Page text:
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How to Be a Trailblazer: Five Lessons From My Appalachian Trail Adventures

Hiking backwards down a mountain, having one eye frozen shut in a blizzard, a stalker, and tough love from a husband. National Geographic Adventurer of the Year Jennifer Pharr Davis shares these and other stories to challenge and inspire all of us to blaze our own trails.

I’ve been fortunate to have hiked tens of thousands of miles around the world. And I’ve been called a trailblazer for being the first and only woman to set the fastest known time on the Appalachian Trail (hiking 47 miles a day for 46 straight days).

I’ve always marched to the beat of my own drummer and walked in my own pair of hiking boots. And I take those trail memories and lessons with me everywhere I go.

Whatever trail you’re blazing, I hope these stories from my Appalachian Trail adventures inspire you!

1. Vision and Direction

Two hundred miles into my first Appalachian Trail “thru-hike,” I was passing through the Smokies in East Tennessee when I got caught in a snowstorm. On one exposed ridge, I closed my eye to protect it from the swirling snow and wind, only to have it freeze shut! When I reentered the forest, I picked the icicles from my eyelashes and looked for the trail markers—6×2 inch white blazes painted on trees. As you can imagine, those are kind of hard to see in a blizzard.

Fortunately, I made it out of the snowstorm safely. But that predicament helped me realize the importance of maintaining vision and direction. Hard work hardly matters if you don’t know where you’re going.

What blazes can you establish in life and work to keep you headed in the right direction?

2. Clear Communication

A few weeks later, I met a fellow hiker in Virginia. We had a nice, interesting chat. When the conversation ended, I said, “It was nice to meet you. Have a great hike!” But he didn’t get the clue. And he stayed on my heels for six solid days.

I grew up in the South, and thankfully times have changed, but as a young woman, I was taught to be non-confrontational.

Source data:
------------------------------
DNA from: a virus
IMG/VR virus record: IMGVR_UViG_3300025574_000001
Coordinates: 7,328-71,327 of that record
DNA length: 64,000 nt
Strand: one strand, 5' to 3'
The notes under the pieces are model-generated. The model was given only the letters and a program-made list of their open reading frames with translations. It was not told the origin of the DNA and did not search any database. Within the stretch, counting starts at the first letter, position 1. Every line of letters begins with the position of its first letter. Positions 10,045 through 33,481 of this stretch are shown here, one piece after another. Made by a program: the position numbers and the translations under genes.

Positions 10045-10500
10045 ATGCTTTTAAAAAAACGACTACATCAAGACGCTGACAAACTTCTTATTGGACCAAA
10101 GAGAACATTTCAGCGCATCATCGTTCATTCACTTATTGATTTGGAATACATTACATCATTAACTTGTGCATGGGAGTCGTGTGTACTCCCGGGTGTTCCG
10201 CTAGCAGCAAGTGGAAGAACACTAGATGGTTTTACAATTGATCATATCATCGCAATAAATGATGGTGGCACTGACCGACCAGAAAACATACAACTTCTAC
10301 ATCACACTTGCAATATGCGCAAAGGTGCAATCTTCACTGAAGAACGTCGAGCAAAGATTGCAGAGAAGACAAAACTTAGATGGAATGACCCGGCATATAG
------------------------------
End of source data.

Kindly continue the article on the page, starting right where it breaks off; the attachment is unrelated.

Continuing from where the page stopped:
On the trail with my stalker, I was just too polite for my own good. I kept dropping hints, but I didn’t want to hurt his feelings. (Disclaimer: I never felt threatened by this guy. I’m pretty sure I could have taken him.)

After nearly a week, I got some separation, sprinted off the trail, and hid under a rhododendron thicket. But before he could come around the corner, I realized, “This is not the way I want to live my life!”

So I climbed back onto the trail, waited for him to arrive, and said plainly, “I don’t want to hike with you anymore.” This time he heard me, went on his way, and I never saw him again.

After that encounter, I made myself a promise that I’d never again hide from a difficult conversation. I owed it to myself—and to others—to be honest.

What tough conversation is making you hide under a rhododendron bush?

3. Remain Adaptable

Just because something hasn’t been done before doesn’t mean it’s not worth doing. Six years after my first Appalachian Trail hike, I went back and attempted the fastest known time.

The record had always been held by elite male ultrarunners. And when I started out, my plan was to run as much as possible. But I quickly developed shin splints. At one point, they got so bad that I had to walk backwards down a mountain in Maine. But going backwards to go forwards was what I had to do.

There were other ways I adapted. Going for the record was all about doing whatever I needed to do. To find ways to keep going, to bend and not break.

What never-before-tried adaptations can you make to achieve your goals?

4. Teamwork

Being a trailblazer requires a team. While I was walking 47 miles a day, my husband met me at road crossings, resupplied me with food and water, did my laundry, bought groceries, cooked, posted blogs, recruited others to hike with me, and most importantly, offered loads of emotional support.

If not for him, I would have quit my record attempt just a few weeks into trying. On one stretch in New Hampshire, I got caught in a sleet storm and became sick and depleted.

When I reached a road crossing in Vermont, I told my husband, “I can’t do this. I want to quit.” He looked at me with all the love in his heart and said, “You can’t quit. At least not today. You feel too bad to make a good decision. You owe it to yourself—and a little bit to me—to keep going. If you still want to quit tomorrow, fine. But you’ll regret it if you quit on a bad day.”

Then he got in our car and drove off. And it’s very hard to quit a long-distance hike without a ride.

Who is your team? How do they make you better? In what new and different ways can they help you?

5. Resilience and Optimism

So I kept going. And after a while, I started feeling better, both because I got over my illness and because I started focusing on the positives.

I’d been chasing invisible record holders down the trail and comparing myself to others instead of making it my own journey. Once I started running my race and hiking my hike, my miles skyrocketed.

Every day, I told myself, “I’m doing what I love with the man I love in the place that I love. What’s better than that?” The attitude adjustment made all the difference in the world.

What mantra can you adopt to work through tough times? I’ve spent a lot of time in nature and tried to glean as much wisdom from it as I could. I hope these stories and lessons help you blaze your own trail. Happy Trails!

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